Friday, June 20, 2014

David Hamilton - The Conservative Idea of Architecture: Conservation and Restoration

Progressives assume that I am opposed to change. I am not: I suggest change should grow out of what has developed through time not spring out of the blue, as it were, like incongruous eruptions ruining the ambience of whole areas. “You can not turn the clock back”, they moralise. What have clocks got to do with it? That harks back a couple of centuries to when God was seen as the watchmaker who had wound a clockwork universe up and left it to run. Progressives still see the world as a machine.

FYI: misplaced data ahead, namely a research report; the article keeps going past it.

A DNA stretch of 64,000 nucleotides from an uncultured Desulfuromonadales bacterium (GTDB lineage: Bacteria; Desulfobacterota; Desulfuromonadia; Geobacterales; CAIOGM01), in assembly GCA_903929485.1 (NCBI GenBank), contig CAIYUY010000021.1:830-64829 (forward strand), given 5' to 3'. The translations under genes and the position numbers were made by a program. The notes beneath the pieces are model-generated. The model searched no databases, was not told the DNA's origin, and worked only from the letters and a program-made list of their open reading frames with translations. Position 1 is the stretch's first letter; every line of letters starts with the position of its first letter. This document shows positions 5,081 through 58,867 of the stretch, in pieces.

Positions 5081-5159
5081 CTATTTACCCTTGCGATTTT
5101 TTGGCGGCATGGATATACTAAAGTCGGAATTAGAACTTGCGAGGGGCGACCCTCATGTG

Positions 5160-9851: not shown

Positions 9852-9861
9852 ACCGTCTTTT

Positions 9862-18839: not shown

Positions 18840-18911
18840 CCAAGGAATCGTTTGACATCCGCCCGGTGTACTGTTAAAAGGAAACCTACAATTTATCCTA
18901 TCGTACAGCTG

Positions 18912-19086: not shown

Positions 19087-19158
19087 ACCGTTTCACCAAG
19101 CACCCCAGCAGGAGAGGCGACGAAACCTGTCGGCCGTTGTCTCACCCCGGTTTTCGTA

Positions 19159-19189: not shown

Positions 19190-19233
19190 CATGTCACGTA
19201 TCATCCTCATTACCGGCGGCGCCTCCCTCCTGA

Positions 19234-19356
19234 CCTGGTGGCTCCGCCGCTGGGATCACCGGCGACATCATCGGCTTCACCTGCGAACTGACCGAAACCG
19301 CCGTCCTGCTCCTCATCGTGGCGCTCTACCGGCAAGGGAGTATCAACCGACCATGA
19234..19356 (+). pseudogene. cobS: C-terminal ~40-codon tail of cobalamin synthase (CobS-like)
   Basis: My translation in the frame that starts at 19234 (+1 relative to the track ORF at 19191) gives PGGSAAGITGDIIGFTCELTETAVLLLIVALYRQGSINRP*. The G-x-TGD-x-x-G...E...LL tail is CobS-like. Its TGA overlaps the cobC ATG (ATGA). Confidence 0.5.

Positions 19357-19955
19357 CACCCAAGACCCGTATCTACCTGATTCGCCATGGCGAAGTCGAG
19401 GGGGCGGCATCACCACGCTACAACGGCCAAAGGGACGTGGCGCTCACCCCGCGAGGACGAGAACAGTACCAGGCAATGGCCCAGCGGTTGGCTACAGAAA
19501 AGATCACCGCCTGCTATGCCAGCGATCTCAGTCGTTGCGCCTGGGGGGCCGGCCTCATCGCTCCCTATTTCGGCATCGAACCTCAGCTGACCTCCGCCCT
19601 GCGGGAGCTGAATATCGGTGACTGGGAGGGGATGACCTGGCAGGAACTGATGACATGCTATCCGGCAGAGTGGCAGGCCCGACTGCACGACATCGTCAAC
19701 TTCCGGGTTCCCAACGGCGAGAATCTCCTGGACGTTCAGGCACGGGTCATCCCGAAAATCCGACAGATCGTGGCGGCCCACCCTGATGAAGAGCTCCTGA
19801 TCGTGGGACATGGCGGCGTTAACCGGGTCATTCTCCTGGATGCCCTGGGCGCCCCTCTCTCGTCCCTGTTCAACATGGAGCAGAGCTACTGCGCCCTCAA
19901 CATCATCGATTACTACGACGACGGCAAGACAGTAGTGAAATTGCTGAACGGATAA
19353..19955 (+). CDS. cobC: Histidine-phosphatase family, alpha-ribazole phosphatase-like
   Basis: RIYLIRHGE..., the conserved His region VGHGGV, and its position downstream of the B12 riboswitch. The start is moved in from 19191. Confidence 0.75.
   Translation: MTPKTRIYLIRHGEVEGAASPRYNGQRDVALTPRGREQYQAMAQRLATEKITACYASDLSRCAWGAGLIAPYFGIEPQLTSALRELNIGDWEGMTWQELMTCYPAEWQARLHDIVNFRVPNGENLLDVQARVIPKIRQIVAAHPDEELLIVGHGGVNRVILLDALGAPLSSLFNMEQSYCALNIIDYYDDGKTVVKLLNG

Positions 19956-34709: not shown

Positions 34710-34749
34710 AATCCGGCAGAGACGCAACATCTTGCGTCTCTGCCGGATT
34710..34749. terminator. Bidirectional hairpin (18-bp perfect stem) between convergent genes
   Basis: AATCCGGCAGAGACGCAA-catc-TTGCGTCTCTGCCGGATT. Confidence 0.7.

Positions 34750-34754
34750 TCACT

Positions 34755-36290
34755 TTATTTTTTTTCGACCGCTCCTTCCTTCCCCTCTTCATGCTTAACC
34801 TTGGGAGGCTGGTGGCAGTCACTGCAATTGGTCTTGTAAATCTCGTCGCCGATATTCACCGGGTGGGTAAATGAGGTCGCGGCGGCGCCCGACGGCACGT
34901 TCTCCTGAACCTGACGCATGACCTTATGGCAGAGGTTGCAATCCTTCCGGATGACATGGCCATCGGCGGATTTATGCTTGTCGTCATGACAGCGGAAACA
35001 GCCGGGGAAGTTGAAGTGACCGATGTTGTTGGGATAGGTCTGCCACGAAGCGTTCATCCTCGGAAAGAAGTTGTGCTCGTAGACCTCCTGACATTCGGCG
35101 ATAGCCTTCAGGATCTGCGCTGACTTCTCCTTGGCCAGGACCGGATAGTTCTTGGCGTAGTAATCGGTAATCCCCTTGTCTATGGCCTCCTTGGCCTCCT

Le Corbusier thought of building houses as building machines for people to live in. His Villa Savoye is exemplary of his goal to create a house which would be a "machine a habiter," a machine for living (in). Houses that have grown out of tradition have a quality called “homeliness that is in softer interior angles and allows people to enjoy living in them by gathering in some rooms but having rooms to attend to personal business separate. Villa Savoye illustrates Le Couturier’s "five points" of new architecture and is a foundation of modern architecture, and the International style that came to dominate.

Read complete article here.